In May 1994, Pfizer requested, for medical use, a patent covering pyrazolopyrimidine for the treatment of impotence, better known as Viagra, whose chemical compound sildenafil citrate was already used for the treatment of cardiovascular diseases. The application had been rejected on three previous occasions by the Office of Inventions and New Technologies of the National Institute for the Defense of Competition and Protection of Intellectual Property (INDECOPI) of Peru. It contravened what is stated in Article 16 of Decision 344 and Article 43 of the Legislative Decree No 823, in force at that time, which indicate that the products and processes that are already patented “shall not be the object of a new patent, by the simple fact of a different use from that originally contemplated by the initial patent”.
However, in June 1997, Supreme Decree N° 010-97/ITINCI was enacted, in order to clarify and interpret several articles of Decision 344, including Article 16. This Supreme Decree, particularly Article 4, stipulated that “a different use included in the prior state of the art will be subject to a new patent if it meets the requirements laid down in Article 22 of Legislative Decree No.823” (ie, the traditional requirements of novelty, inventiveness and industrial applicability), thus allowing INDECOPI, on 29 January 1999, to grant the patent for Viagra in favour of Pfizer.
Meanwhile, Peruvian laboratories were manufacturing a copy of Viagra, thinking that the patent application of Pfizer would be rejected. Pfizer threatened to sue them on the basis of its newly granted patent. This led to a complaint from the Association of Pharmaceutical Industries of National Origin and Capital (ADIFAN), to the general secretariat of the Andean Community for the violation of Article 16 of Decision 344.
On 12 October 2000, the general secretariat of the Andean Community initiated an action of non-compliance (process 89-AI-2000) in the Court of Justice of the Andean Community against Peru for granting a second use patent covering a pyrazolopyrimidine product for the treatment of impotence, as community law expressly prohibits the patenting of second uses or different uses.
As a result of this action for breach of the treaty, the Peruvian government, through INDECOPI, declared Pfizer’s patent to be null and void on 27 August 2002 by not complying with the requirements of Decision 344.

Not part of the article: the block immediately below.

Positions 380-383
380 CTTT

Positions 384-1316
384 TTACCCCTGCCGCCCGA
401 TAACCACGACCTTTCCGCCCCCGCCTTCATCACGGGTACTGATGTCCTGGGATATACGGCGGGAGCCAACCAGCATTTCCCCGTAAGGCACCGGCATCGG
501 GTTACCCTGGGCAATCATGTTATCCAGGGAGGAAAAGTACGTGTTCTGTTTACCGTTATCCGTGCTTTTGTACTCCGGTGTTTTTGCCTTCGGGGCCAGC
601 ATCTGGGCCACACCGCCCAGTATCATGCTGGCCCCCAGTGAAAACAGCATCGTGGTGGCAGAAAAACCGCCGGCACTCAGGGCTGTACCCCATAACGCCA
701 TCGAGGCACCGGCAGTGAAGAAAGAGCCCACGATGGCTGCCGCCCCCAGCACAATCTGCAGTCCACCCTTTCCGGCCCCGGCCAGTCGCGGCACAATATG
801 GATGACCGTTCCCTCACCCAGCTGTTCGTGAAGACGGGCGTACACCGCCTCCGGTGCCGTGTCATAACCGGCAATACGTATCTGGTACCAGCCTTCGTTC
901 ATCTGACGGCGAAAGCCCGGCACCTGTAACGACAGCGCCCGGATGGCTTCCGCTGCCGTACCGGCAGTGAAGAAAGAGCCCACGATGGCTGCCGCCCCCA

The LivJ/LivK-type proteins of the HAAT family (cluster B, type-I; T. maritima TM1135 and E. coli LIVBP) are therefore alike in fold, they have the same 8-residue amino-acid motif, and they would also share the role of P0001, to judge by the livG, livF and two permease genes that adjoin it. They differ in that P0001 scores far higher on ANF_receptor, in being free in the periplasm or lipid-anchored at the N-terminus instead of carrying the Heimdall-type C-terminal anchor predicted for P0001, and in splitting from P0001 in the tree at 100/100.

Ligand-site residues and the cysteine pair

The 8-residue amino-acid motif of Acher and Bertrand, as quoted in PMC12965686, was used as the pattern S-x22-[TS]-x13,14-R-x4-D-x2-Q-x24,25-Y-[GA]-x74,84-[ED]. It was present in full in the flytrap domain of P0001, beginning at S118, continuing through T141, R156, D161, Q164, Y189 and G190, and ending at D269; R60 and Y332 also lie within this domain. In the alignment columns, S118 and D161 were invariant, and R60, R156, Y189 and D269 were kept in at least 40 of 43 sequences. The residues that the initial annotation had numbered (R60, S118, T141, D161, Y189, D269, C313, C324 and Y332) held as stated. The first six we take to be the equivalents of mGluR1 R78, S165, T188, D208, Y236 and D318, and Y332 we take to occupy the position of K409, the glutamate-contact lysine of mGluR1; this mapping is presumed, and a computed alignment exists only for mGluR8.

In many jurisdictions, exclusivity can be extended if the patenting of second uses is allowed. For reasons of industrial production, it is practically impossible to separate the production of a drug for a use for which its patent has already expired from the production of the same product for a second indication, for which its patent is still in force. It happens that the exclusivity of the product will be maintained by the person who invented the molecule.
This is a sensitive issue and the debate on the patentability of second uses continues due to the importance of the right to access to health for all people as well as in the treatment of diseases.
In relation to pharmaceutical patents, the Agreement on Trade-Related Aspects of Intellectual Property Rights (TRIPS) identifies three types of general obligations:
We must also indicate that Article 27 of TRIPS does not encourage or forbid second use patents, so member states of the World Trade Organization that accept or reject them, are not acting against TRIPS.
The primacy of community law in Viagra case
The Court of Justice of the Andean Community, through the process 89-AI-2000, annulled the patent that was granted to Pfizer, which was achieved through the application of Article 4 of Supreme Decree No 010-97/ITINC, which textually stated: “To clarify that in accordance with Article 43 of Decree 823, a different use comprised in the prior state of the technique will be the subject of a new patent if it meets the requirements established in Article 22 of Legislative Decree No 823.”
While it is true that member states are empowered to issue legal tools for proper implementation of Decision 344, such tools cannot introduce changes that affect its structure.
In the present case, the court found that this article distorted the principles of the Andean Community scheme in contravening the provisions of Article 16 of Decision 344, which expressly forbade second use patents. Furthermore, INDECOPI ignored the commitments made by Peru to the Andean Community by failing to take into account that Decision 344 is just below the Constitution but not under other laws, so no national standard may contradict its provisions.
In conclusion, patents for second uses are prohibited in the Andean Community and in Peru, because they represent a condemnation for technology transfer and access to health. With such patents, the aim is to extend an industrial duty on a product or pharmaceutical procedure that is already part of the state of the art and which is more like a discovery than an invention itself.
Currently in Decision 486, the valid norm at this date, it has conserved the same position about second use patents, as stated in Article 21: “Products or processes already patented, included in the prior art, in accordance with Article 16 of this decision, shall not be the object of a new patent, by the simple fact of a different use from that originally contemplated by the initial patent.”
This proves that although the global trend, particularly in developed countries, is to grant second use patents, especially in the pharmaceutical field, the Andean Community has stood firm in the defence of its owns interests, without yielding to the pressure of multinational companies and industrialised countries.